>Chocolate Waldorf Squares


As promised to various cakeaters (delightful ones, I hasten to add) yesterday, I rootled around in my boxes somewhat earlier than anticipated and the recipe was where I thought and I am therefore able to reproduce it in glorious technicolor for your digestive delight.

The recipe was taken from an Essentials Magazine from circa 1991 as part of their Creative Cook Series and is by Rowena King

Makes 24
Cals per portion 310
Keeps for upto 5 days (yeah, right)

For the Cake

Oil for greasing
4 oz/125g of butter
5 oz/150g plain chocolate broken into pieces
1 lb/450g of caster sugar
8 floz/225ml of cold water
1tsp of vanilla essence
8 oz/225g of plain flour
2 oz/50g of self raising flour
2 oz/50g of cocoa powder
8 oz/225g of mayonnaise

For the Glaze

4 oz/125g of plain chocolate broken into pieces
1 1/2 oz/40g of butter
24 walnut halves dusted with icing sugar (so eighties)

Preheat the oven to Mark 3/325°F/170°C
Brush shallow 11″x7″ (28x18cm) cake tin with oil and line with greasproof paper.

Place the butter, chocolate, caster sugar and water in a saucepan and heat gently, stirring until the chocalate is melted – do not boil. Stir in the vanilla essence.
Sift the flours and the cocoa powder in a large bowl and make a well in the centre. Ad the mayonnaise and a litle of the chocolate mixture and beat until smooth. Gradually beat in the rest of the chocolate mixture.

Pour into the prepared tin then bake in the centre of the oven for 1 hour until risen and firm to the touch.

Cool in the tin and lift out and peel away the lining paper.

For the glaze, put the butter and chocolate in a small pan with 1 tbsp of cold water then heat gently, stirring until smoth – do not boil. Spread the glaze over the cake and then chill for 5 minutes. Mark [and cut] into 24 squares and top each square with a halved walnut. Store in an airtight tin.

Bon appetit!



  1. Imperatrix

    >Oooooo. Thank you She Weevil, Thank you.Now, is plain chocolate what we call semi-sweet chocolate (i.e., you can eat it straight) or unsweetened (i.e., you can eat it straight, but only if you stuff a spoonful of sugar in your mouth at the same time [not that I’ve ever done this, you understand, it’s just an educated guess — I swear!])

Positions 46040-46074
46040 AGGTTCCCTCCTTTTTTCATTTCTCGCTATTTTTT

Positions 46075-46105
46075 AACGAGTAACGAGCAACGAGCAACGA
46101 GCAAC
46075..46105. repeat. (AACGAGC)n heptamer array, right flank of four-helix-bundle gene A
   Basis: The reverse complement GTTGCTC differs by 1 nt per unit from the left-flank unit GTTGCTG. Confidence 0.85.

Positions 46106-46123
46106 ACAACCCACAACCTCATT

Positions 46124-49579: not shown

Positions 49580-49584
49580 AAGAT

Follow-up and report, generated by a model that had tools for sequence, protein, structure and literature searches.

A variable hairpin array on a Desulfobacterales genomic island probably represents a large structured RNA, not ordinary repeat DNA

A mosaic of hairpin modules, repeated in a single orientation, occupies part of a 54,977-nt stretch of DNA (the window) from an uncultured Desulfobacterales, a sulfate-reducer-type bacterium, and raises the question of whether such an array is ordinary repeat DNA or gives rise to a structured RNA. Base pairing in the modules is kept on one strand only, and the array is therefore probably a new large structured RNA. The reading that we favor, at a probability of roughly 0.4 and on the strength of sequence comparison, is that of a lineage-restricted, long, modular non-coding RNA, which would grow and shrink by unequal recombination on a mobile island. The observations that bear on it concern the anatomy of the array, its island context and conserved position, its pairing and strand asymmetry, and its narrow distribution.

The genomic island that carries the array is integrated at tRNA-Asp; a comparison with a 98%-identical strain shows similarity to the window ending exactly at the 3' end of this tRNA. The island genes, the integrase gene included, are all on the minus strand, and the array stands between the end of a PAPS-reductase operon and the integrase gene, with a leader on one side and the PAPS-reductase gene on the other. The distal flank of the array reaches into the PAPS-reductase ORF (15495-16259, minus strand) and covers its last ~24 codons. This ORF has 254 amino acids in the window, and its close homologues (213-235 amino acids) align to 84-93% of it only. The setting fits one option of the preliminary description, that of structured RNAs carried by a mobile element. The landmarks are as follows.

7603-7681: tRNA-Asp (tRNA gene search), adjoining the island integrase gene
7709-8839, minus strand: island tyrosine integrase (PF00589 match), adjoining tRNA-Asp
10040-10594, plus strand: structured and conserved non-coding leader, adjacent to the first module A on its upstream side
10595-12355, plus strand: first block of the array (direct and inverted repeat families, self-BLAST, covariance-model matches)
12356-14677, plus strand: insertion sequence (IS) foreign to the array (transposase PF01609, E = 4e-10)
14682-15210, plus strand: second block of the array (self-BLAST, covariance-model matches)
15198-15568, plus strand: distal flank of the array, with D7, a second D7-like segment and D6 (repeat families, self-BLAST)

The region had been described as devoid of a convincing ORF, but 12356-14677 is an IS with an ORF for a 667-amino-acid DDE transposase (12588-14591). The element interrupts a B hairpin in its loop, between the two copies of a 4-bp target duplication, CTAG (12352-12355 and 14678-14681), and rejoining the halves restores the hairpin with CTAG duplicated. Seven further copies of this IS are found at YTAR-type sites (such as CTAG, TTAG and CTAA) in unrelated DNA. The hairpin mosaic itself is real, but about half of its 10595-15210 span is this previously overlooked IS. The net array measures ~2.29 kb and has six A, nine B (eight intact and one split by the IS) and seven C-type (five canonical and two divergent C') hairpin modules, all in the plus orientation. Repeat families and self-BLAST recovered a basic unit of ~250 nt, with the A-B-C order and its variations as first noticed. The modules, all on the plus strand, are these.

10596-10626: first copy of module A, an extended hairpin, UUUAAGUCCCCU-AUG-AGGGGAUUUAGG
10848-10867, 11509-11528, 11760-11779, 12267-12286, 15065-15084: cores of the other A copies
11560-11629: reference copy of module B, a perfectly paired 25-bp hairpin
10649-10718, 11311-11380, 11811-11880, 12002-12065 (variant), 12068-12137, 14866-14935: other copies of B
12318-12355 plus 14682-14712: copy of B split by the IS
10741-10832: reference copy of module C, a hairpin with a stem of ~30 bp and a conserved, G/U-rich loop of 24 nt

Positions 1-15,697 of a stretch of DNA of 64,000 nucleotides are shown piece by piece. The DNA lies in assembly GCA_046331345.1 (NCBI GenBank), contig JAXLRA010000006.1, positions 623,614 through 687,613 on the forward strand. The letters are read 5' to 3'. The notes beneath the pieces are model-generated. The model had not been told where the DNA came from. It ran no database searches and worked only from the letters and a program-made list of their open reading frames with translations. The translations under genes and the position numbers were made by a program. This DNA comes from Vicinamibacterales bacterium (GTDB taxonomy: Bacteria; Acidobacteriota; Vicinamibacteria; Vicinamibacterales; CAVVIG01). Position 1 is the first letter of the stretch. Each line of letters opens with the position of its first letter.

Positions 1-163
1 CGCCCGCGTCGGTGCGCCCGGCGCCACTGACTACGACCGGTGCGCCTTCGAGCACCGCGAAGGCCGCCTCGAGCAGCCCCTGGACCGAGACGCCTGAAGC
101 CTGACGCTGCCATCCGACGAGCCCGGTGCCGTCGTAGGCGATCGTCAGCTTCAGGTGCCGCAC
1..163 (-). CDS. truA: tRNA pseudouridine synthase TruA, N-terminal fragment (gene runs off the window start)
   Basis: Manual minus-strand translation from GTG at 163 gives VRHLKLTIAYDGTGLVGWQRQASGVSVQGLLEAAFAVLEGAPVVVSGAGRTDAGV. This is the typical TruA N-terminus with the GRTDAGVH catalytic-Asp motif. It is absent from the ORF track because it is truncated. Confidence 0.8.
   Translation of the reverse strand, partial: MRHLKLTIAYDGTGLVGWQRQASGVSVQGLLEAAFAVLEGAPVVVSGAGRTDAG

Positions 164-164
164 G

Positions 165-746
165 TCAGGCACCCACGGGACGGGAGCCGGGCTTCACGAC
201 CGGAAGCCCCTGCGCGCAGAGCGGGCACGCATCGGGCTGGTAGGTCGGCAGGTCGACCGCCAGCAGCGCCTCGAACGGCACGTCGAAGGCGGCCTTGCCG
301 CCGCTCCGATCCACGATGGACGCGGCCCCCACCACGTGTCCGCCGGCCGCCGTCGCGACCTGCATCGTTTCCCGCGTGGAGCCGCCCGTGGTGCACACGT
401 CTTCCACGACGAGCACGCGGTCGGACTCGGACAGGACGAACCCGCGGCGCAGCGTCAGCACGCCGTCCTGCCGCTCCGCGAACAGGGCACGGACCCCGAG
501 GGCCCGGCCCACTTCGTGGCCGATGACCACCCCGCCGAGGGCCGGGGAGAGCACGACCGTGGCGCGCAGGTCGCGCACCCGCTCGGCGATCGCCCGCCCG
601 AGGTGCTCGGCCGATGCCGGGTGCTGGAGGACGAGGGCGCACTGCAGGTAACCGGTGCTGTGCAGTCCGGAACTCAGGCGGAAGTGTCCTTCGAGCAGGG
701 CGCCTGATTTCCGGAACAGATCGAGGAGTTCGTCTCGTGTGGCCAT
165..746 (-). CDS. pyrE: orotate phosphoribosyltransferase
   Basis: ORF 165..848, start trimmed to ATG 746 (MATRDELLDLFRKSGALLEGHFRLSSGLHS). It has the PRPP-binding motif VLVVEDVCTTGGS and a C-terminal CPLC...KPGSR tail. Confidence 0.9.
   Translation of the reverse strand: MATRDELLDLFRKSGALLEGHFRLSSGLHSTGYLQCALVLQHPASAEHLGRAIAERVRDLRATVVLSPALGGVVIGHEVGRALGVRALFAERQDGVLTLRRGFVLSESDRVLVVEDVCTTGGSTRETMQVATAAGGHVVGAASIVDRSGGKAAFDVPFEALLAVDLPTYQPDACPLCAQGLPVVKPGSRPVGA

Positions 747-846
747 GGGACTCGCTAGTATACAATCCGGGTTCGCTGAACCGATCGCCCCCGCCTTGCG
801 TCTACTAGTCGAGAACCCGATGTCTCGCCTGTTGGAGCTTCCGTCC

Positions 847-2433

2. Stegbeetle

    >I’ll never get this done over the weekend with Younger Daughter running about but just wait until next week!*sighs deeply in anticipation* Thank you, She Weevil, thankyouthankyouthankyou!

  3. She Weevil

    >Imperatrix: “Many American recipes call for unsweetened or baker’s chocolate. This is exactly what it says: no sugar added. (Many an American child has memories of sneaking a piece, only to discover how horribly bitter it is.) If you can find 99% cocoa chocolate, this works nicely. If not, an easy substitute is 3 tbsp cocoa + 1 tbsp oil for each ounce of chocolate. For semisweet chocolate, use the bittersweet/plain chocolate of your choice. Semisweet baking chocolate is available in the United States, but I prefer a good eating chocolate”Sorry to be so British and thick but I think you want the semi sweet. If it’s any help genrally we’d probably use a 70% cocoa fat chocolate.Steggy – bless!! actually very easy and not time consuming and despite what I just said to Imperatrix when I first made it, it was with tesco value plain choc and TV mayonnaise (obviously their flour too). So if your like me and have to feed the Mountain with Mohammed jrs income it’s great.

  4. Rantz

    >Heya She Weevil: sorry to intrude on your delicious-looking (and, I’m sure, tasting) recipe post, but I thought you’d like to see this. Like the frame? I’ve put a link to the Painter’s site using the link code from your site (assumming/hoping you might get some kind of credit?). All for now. Rantz

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